PROLOGThis manual page is part of the POSIX Programmer's Manual. The Linux implementation of this interface may differ (consult the corresponding Linux manual page for details of Linux behavior), or the interface may not be implemented on Linux.
NAMEread --- read a line from standard input
read [-r] var...
DESCRIPTIONThe read utility shall read a single line from standard input. By default, unless the -r option is specified, <backslash> shall act as an escape character. An unescaped <backslash> shall preserve the literal value of the following character, with the exception of a <newline>. If a <newline> follows the <backslash>, the read utility shall interpret this as line continuation. The <backslash> and <newline> shall be removed before splitting the input into fields. All other unescaped <backslash> characters shall be removed after splitting the input into fields. If standard input is a terminal device and the invoking shell is interactive, read shall prompt for a continuation line when it reads an input line ending with a <backslash> <newline>, unless the -r option is specified. The terminating <newline> (if any) shall be removed from the input and the results shall be split into fields as in the shell for the results of parameter expansion (see Section 2.6.5, Field Splitting); the first field shall be assigned to the first variable var, the second field to the second variable var, and so on. If there are fewer fields than there are var operands, the remaining vars shall be set to empty strings. If there are fewer vars than fields, the last var shall be set to a value comprising the following elements:
- The field that corresponds to the last var in the normal assignment sequence described above
- The delimiter(s) that follow the field corresponding to the last var
The remaining fields and their delimiters, with trailing
white space ignored
The setting of variables specified by the
operands shall affect the current shell execution environment; see
Section 2.12, Shell Execution Environment.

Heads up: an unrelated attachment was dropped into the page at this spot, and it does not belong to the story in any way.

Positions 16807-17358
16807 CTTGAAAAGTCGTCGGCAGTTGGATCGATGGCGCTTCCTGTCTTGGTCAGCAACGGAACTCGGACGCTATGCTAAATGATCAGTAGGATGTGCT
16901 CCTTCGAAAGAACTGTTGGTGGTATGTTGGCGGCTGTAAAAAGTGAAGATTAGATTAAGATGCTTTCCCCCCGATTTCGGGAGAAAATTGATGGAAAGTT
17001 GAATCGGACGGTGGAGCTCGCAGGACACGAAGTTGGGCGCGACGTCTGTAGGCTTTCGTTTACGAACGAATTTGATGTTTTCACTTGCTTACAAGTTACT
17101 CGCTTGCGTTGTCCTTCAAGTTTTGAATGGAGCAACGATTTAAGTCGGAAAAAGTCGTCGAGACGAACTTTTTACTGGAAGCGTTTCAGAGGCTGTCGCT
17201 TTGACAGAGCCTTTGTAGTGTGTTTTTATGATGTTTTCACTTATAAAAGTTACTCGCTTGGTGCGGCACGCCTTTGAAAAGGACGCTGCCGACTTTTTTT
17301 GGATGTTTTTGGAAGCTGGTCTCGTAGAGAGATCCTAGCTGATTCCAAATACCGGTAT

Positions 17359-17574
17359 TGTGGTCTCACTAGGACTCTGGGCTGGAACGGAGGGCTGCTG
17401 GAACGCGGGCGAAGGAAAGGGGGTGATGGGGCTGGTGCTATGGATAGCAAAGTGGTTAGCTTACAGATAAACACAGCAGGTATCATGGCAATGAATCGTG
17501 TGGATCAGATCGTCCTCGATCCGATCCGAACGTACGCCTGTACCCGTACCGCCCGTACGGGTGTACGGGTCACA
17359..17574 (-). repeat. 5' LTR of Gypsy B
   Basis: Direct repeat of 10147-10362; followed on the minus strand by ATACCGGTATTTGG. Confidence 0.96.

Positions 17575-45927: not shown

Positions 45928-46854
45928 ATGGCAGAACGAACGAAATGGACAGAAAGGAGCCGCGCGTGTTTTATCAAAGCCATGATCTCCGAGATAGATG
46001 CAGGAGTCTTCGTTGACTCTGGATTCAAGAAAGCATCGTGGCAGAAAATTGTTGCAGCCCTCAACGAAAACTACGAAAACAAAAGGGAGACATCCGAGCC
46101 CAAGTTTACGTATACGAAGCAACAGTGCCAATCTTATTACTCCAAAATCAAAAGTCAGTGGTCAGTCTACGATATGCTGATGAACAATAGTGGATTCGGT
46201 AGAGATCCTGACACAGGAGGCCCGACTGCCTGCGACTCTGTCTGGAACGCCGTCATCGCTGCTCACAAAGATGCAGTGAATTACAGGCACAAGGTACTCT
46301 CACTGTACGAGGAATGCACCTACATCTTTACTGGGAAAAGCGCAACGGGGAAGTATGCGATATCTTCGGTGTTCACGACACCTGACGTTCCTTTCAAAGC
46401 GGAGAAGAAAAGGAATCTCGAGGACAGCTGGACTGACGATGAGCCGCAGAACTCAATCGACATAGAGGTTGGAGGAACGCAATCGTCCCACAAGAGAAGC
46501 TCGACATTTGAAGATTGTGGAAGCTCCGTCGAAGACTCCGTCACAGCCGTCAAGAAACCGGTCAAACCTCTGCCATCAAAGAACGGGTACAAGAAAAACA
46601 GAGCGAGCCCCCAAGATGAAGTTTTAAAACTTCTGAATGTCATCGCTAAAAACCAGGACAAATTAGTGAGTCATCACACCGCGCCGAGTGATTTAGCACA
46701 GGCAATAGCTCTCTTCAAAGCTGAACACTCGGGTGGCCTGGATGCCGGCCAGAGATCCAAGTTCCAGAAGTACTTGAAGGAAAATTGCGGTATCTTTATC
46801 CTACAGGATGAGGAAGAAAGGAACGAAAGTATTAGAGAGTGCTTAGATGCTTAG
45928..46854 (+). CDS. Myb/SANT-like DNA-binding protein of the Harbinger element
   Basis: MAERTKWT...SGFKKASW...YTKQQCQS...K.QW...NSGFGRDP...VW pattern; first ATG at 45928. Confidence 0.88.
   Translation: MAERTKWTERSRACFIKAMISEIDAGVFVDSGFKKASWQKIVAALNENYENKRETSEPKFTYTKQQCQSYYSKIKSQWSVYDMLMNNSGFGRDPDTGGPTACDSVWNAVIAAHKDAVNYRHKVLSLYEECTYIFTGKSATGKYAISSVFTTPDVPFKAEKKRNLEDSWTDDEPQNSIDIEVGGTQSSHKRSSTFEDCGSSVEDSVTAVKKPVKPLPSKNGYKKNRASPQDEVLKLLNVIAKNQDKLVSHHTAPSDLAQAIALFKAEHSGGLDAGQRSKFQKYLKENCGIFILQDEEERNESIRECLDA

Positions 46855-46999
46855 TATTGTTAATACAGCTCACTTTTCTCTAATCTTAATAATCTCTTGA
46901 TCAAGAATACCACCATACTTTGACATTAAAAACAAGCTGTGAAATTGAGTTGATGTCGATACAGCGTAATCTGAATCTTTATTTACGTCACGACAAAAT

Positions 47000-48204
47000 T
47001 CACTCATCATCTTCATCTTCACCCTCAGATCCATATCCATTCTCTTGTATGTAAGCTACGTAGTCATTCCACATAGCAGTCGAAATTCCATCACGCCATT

If it is called in a subshell or separate utility execution
environment, such as one of the following:
(read foo) nohup read ... find . -exec read ... \;
OPTIONSThe read utility shall conform to the Base Definitions volume of POSIX.1-2008, Section 12.2, Utility Syntax Guidelines. The following option is supported:
- Do not treat a <backslash> character in any special way. Consider each <backslash> to be part of the input line.
OPERANDSThe following operand shall be supported:
- The name of an existing or nonexisting shell variable.
STDINThe standard input shall be a text file.
ENVIRONMENT VARIABLESThe following environment variables shall affect the execution of read:
- Determine the internal field separators used to delimit fields; see Section 2.5.3, Shell Variables.
- Provide a default value for the internationalization variables that are unset or null. (See the Base Definitions volume of POSIX.1-2008, Section 8.2, Internationalization Variables for the precedence of internationalization variables used to determine the values of locale categories.)
- If set to a non-empty string value, override the values of all the other internationalization variables.
- Determine the locale for the interpretation of sequences of bytes of text data as characters (for example, single-byte as opposed to multi-byte characters in arguments).
Determine the locale that should be used to affect the format and contents of diagnostic messages written to standard error.
- Determine the location of message catalogs for the processing of LC_MESSAGES.
- Provide the prompt string that an interactive shell shall write to standard error when a line ending with a <backslash> <newline> is read and the -r option was not specified.
STDERRThe standard error shall be used for diagnostic messages and prompts for continued input.
EXIT STATUSThe following exit values shall be returned:
- Successful completion.
- End-of-file was detected or an error occurred.
CONSEQUENCES OF ERRORSDefault.
The following sections are informative.
APPLICATION USAGEThe -r option is included to enable read to subsume the purpose of the line utility, which is not included in POSIX.1-2008.
EXAMPLESThe following command:
while read -r xx yy do printf "%s %s\n$yy$xx" done < input_file
RATIONALEThe read utility historically has been a shell built-in. It was separated off into its own utility to take advantage of the richer description of functionality introduced by this volume of POSIX.1-2008. Since read affects the current shell execution environment, it is generally provided as a shell regular built-in. If it is called in a subshell or separate utility execution environment, such as one of the following:
(read foo) nohup read ... find . -exec read ... \;
SEE ALSOChapter 2, Shell Command Language The Base Definitions volume of POSIX.1-2008, Chapter 8, Environment Variables, Section 12.2, Utility Syntax Guidelines
COPYRIGHTPortions of this text are reprinted and reproduced in electronic form from IEEE Std 1003.1, 2013 Edition, Standard for Information Technology -- Portable Operating System Interface (POSIX), The Open Group Base Specifications Issue 7, Copyright (C) 2013 by the Institute of Electrical and Electronics Engineers, Inc and The Open Group. (This is POSIX.1-2008 with the 2013 Technical Corrigendum 1 applied.) In the event of any discrepancy between this version and the original IEEE and The Open Group Standard, the original IEEE and The Open Group Standard is the referee document. The original Standard can be obtained online at www.unix.org/online.html .
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